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WHERE greenwood shadows shift and swim,
As in cathedral arches dim,
Casting a weird and solemn shade
Thro' the primeval forest-glade,
While here and there a sunny beam
Thro' canopy and vault doth stream,
Illuminating with its glow
The checker'd turf that spreads below,—
There the shy partridge loves to brood,
Deep in the shelter of the wood.

High soars a patriarchal oak,
Its umbrage scath'd by lightning-stroke,
Upon whose topmost bough doth dwell
An eagle, monarch of the dell,
O'erlooking from his eyrie grand
The wide expanse of forest land;
Now rising high in air to sweep
In circling rings the upper deep,
Now pois'd and balanc'd in mid-space,
As resting from his airy chase;
Now sweeping downward on its way
As pirate bark swoops on its prey.

Yonder a chestnut grove is seen
Waving its royal flags of green;
A lovely spot, a cool retreat,
Where shade and silence love to meet,
But in the mellow autumn-time
(When brisk October breezes chime,
When fruits are ripe, and leaves are red),
Vocal with music, loud with tread,
For there the village children haste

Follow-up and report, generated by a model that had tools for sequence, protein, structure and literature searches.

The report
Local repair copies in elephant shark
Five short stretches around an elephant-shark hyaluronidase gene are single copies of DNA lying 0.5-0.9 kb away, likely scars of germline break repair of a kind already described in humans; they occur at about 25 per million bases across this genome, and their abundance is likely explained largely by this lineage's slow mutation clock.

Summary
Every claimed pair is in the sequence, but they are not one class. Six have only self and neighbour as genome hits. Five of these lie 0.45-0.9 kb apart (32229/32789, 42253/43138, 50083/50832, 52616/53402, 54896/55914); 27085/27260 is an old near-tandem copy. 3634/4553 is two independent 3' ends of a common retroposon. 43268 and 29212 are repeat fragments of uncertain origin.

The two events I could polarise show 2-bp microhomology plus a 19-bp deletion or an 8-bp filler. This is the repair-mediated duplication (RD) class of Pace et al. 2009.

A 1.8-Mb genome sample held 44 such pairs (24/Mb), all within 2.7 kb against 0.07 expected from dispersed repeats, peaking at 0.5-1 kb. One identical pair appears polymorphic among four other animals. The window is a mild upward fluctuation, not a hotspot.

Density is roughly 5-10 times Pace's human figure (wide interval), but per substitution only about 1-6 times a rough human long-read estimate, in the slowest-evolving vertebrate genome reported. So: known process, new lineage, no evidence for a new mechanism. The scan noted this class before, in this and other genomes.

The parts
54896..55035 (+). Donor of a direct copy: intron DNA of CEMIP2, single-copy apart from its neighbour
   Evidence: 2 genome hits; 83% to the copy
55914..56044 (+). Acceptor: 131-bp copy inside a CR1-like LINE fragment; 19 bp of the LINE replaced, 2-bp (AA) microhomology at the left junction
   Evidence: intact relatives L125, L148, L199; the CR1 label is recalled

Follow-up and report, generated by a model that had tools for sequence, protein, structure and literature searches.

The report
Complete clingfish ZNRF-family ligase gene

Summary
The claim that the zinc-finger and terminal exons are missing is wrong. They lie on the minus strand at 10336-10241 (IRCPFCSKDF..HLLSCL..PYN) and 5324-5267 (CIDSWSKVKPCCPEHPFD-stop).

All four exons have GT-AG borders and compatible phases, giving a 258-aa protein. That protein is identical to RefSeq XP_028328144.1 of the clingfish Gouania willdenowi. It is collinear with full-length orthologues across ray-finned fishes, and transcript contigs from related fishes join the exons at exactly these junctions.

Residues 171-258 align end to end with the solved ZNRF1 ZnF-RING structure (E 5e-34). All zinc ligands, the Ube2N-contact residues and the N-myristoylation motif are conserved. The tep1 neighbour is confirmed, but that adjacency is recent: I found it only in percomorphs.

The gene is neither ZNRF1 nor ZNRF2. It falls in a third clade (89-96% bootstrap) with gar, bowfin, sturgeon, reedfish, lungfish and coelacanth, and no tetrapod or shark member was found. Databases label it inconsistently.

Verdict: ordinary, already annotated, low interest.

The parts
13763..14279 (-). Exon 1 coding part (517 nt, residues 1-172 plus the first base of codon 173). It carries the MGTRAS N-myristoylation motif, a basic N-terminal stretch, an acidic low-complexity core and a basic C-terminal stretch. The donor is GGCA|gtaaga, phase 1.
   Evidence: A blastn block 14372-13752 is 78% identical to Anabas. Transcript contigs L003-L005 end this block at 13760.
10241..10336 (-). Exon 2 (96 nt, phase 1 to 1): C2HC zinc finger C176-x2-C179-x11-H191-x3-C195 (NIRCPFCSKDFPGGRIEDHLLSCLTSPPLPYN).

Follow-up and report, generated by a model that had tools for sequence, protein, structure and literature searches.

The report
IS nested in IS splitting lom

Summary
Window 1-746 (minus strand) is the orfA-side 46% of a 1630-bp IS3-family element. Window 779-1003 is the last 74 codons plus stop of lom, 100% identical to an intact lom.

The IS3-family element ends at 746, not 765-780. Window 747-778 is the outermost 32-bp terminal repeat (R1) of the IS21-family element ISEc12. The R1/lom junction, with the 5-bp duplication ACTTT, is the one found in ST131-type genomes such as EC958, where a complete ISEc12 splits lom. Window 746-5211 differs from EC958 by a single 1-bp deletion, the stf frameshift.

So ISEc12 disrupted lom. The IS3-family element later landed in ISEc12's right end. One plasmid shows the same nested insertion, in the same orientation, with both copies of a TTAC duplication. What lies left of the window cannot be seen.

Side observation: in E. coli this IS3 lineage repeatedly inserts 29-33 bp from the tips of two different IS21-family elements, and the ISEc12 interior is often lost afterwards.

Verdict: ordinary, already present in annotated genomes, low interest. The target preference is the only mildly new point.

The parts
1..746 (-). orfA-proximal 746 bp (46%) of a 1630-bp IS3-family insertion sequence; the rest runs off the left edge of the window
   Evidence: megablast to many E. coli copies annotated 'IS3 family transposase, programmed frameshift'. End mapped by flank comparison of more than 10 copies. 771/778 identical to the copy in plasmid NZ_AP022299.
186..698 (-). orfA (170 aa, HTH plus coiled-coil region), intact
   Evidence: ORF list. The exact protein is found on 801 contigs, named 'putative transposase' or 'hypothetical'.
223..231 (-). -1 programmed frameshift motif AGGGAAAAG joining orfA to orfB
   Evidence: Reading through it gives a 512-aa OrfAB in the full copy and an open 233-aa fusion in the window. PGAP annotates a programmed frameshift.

The chestnuts, brown and crisp, to taste,
And there the partridge loves to bring
Her young when evening folds its wing.

In rocky regions, where the pine
And spruce and hemlock intertwine,
Forming an overhanging roof
Against the rain and sunbeam proof,
So dense that scarce a ray may pour
Across the dark and russet floor,
There doth the speckled partridge come
In dim recess to make a home,
To sound the drum or forth to lead
The young, on berries ripe to feed,
Prompt on affrighted wing to break
When foes the tangled thickets shake.

They love the lofty, breezy height,
The hillside with its sunshine bright,
The long, mountainous range of hills
Where bubble forth the crystal rills,
Where oak and laurel intertwine,
And shakes its plumy crest the pine;
And there they love to lurk and feed
On fallen mast and dropping seed;
And there the red luxurious fare
Of melting strawberries they share,
The partridge-berries' scarlet fruit,
The blue-berry's o'erladen shoot,
And spicy bud and purple grape,
Where vines the sunny hillside drape.

When bleak November hoar-frosts creep
Along the mountain-ranges steep,
They speed before the rising gale
To seek some warm, sequester'd vale,
And there where stood the harvest sheaves
They feed at will in morn and eves,
Gleaning the grains so honey-sweet
Of oat and barley, and buckwheat,
Secure by day in tussocks green,
At night in sombre evergreen.

McLellan, Isaac. Poems of the Rod and Gun. New York: Henry Thorpe, 1886.

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